Ten Quick Hits

1. Is Virginia good enough to repeat?

Recent history suggests that the Cavaliers will fall short of winning back-to-back NCAA titles. No one has pulled it off since 1998, when Princeton won its third consecutive national championship. But don't doubt Virginia, which lost an amazing core of talent, led by player of the year Matt Ward, after winning all 17 of its games by an average of 8.2 goals. Yet, the Cavs still have enough weapons to run the table in May and produce a handful of first- and second-team All-Americans.


2. How high can Duke rise again?

After a traumatic, abbreviated 2006 season, which ended after eight games following an off-campus party that led to rape charges against three players and cost 16-year coach Mike Pressler his job, the Blue Devils might be the most closely watched team again in 2007. Two years after losing by one goal to Johns Hopkins in its first appearance in the NCAA title game, Duke still has an imposing nucleus, led by senior attackman Matt Danowski, who is now being coached by his father, John. The Blue Devils lack depth, but no one is taking their comeback lightly.


3. The game returns to its roots for the big events

After a two-year relocation to Philadelphia for its championship weekend, the Division I final four and Division II and III title games will be played Memorial Day weekend at M&T; Bank Stadium, where more than 50,000 could witness the Division I semifinals and final. The NCAA will take the show to Boston next year, but likely will bring the season's marquee affair back here periodically for the foreseeable future. In addition, the inaugural Inside Lacrosse Face-Off Classic, featuring a Hopkins-Princeton and Syracuse-Virginia doubleheader, is coming March 3 to M&T;, where about 15,000 could attend.

4. Will the game's deep pockets draw more attention?

The NCAA rules committee has recommended that referees increase the number of stick checks during games, as the use of illegally deep pockets apparently has grown in recent years into one of the sport's dirty little secrets. It's extremely hard to dislodge the ball from a player carrying it with a pocket deeper than the rules allow, and players can skirt the rule by easily manipulating the strings that attach the mesh pockets to the stick heads. Stick checks typically occur at the end of the first and third quarters. This year, officials have been encouraged by the NCAA to make the checks more random.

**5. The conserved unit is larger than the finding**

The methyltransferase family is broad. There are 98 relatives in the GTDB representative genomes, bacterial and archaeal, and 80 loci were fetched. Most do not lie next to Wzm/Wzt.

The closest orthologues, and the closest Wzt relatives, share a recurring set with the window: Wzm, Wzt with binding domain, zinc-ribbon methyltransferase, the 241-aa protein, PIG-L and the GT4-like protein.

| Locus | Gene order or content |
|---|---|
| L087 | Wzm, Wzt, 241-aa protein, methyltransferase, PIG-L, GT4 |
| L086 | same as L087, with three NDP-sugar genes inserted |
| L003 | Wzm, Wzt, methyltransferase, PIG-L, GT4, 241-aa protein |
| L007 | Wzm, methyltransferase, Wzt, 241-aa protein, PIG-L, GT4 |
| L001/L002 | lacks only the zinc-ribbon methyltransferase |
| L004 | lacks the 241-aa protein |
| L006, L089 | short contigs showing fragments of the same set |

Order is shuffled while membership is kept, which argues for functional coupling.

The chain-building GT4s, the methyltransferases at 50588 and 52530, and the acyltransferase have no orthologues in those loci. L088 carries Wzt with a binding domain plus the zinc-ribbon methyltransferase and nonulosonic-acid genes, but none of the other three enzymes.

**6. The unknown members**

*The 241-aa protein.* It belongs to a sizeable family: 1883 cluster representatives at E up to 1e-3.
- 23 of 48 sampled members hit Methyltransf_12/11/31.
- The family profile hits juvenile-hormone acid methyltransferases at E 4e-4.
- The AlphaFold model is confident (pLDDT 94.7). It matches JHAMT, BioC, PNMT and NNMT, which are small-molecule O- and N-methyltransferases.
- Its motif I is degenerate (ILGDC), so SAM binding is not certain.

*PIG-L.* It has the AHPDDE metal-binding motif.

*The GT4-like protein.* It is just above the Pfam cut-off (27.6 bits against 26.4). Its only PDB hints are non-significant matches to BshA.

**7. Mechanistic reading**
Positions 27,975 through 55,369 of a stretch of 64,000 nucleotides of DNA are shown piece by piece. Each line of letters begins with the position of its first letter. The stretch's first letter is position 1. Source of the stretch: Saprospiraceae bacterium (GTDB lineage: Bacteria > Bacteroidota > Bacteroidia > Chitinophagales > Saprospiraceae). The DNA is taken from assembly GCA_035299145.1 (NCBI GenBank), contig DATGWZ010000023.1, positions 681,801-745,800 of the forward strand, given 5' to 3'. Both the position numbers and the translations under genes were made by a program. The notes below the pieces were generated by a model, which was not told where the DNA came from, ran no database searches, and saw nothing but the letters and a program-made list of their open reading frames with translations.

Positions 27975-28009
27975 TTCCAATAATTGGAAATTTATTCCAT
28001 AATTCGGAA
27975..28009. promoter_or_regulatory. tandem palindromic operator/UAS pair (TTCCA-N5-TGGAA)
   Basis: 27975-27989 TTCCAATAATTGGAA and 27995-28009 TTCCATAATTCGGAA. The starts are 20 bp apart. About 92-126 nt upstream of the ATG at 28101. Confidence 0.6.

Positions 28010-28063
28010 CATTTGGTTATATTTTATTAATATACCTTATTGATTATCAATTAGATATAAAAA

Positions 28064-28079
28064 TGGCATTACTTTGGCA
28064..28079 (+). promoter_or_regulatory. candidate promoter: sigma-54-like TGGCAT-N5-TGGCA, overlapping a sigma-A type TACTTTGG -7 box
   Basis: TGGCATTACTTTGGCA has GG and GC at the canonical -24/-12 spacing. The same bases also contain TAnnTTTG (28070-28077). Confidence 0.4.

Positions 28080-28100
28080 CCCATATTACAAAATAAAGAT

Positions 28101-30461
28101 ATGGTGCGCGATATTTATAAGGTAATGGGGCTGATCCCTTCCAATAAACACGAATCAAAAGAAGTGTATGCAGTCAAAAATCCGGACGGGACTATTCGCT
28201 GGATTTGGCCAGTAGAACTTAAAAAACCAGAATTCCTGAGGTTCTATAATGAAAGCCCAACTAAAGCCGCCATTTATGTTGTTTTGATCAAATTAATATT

5. The ECAC could be the deepest conference

For the first time, the Eastern College Athletic Conference will send its league winner to the NCAA tournament as an automatic qualifier. But, with all due respect to the much-improved Ivy League and Colonial Athletic Association, the eight-team ECAC might boast more tournament teams than any other league in 2007. Georgetown, Massachusetts, Loyola and Penn State each look good enough to get into the round of 16 and do some damage.

6. Is this finally the year for Georgetown?

The Hoyas always seem to boast an outstanding recruiting class, and this year is no different. They always seem to get into the NCAA tournament with high hopes, and this year should be no different. But Georgetown has advanced to the tournament quarterfinals for five straight years and gone no further, and the Hoyas have not been to the final four since their one and only trip in 1999. It's time for 18th-year coach Dave Urick to get it done.


7. Who will be this year's sleeper?

It's still hard to crack through the elite wall formed by Syracuse, Virginia, Hopkins, Princeton and Maryland, but other schools continue to chip away, as the number of high school players increase nationally while the game's growth stagnates at the collegiate level. Last year, UMass capped a steady rebuilding project under coach Greg Cannella by going to the NCAA title game. The Minutemen beat Hofstra, another upstart, in the quarterfinals to get there. What about 2007? We like Penn State, and we'll take a stab at Albany, an America East school that features the game's most prolific returning scorer in senior attackman Frank Resetarits.

8. Will the shot-clock controversy surface again?

The topic never seems to go away, but it always seems to die down each offseason after discussion among coaches and members of the rules committee. But each time a freewheeling, transition-packed, high-scoring game between Syracuse and Virginia is contrasted by the game's more prevalent, slowed-down, substitution-heavy, milk-the-clock style - Princeton, Hopkins and Maryland have offered prime examples - the debate revs up again. Maybe the game needs more action forced upon it with the use of a 60-second shot clock, and needs the NCAA to find a way to get there.

9. Will someone be perfect again?

When Hopkins won its first NCAA title after a 17-season drought by going 16-0 in 2005, it marked the first time a Division I school had finished a season unbeaten since Princeton ran the table in 1997. Then, along came Virginia last year with a team for the ages, and the Cavaliers became the first Division I school in NCAA history to finish 17-0. Guess that means it's time for Syracuse to equal that mark this time around.


10. Who will emerge as the game's premier player?

Our preseason nominations include Hopkins midfielder Paul Rabil, Syracuse attackman Mike Leveille, Virginia's do-it-all midfielder, Drew Thompson, Princeton goalie Alex Hewit and Duke's Matt Danowski. But we'll pick another Cavalier. Virginia junior attackman Ben Rubeor (Loyola) sometimes got lost in terms of recognition among all of the older, dynamic talent in Charlottesville a year ago. This year, the team's top returning scorer moves front and center with his accurate shooting, great passing and dodging and all-around smarts.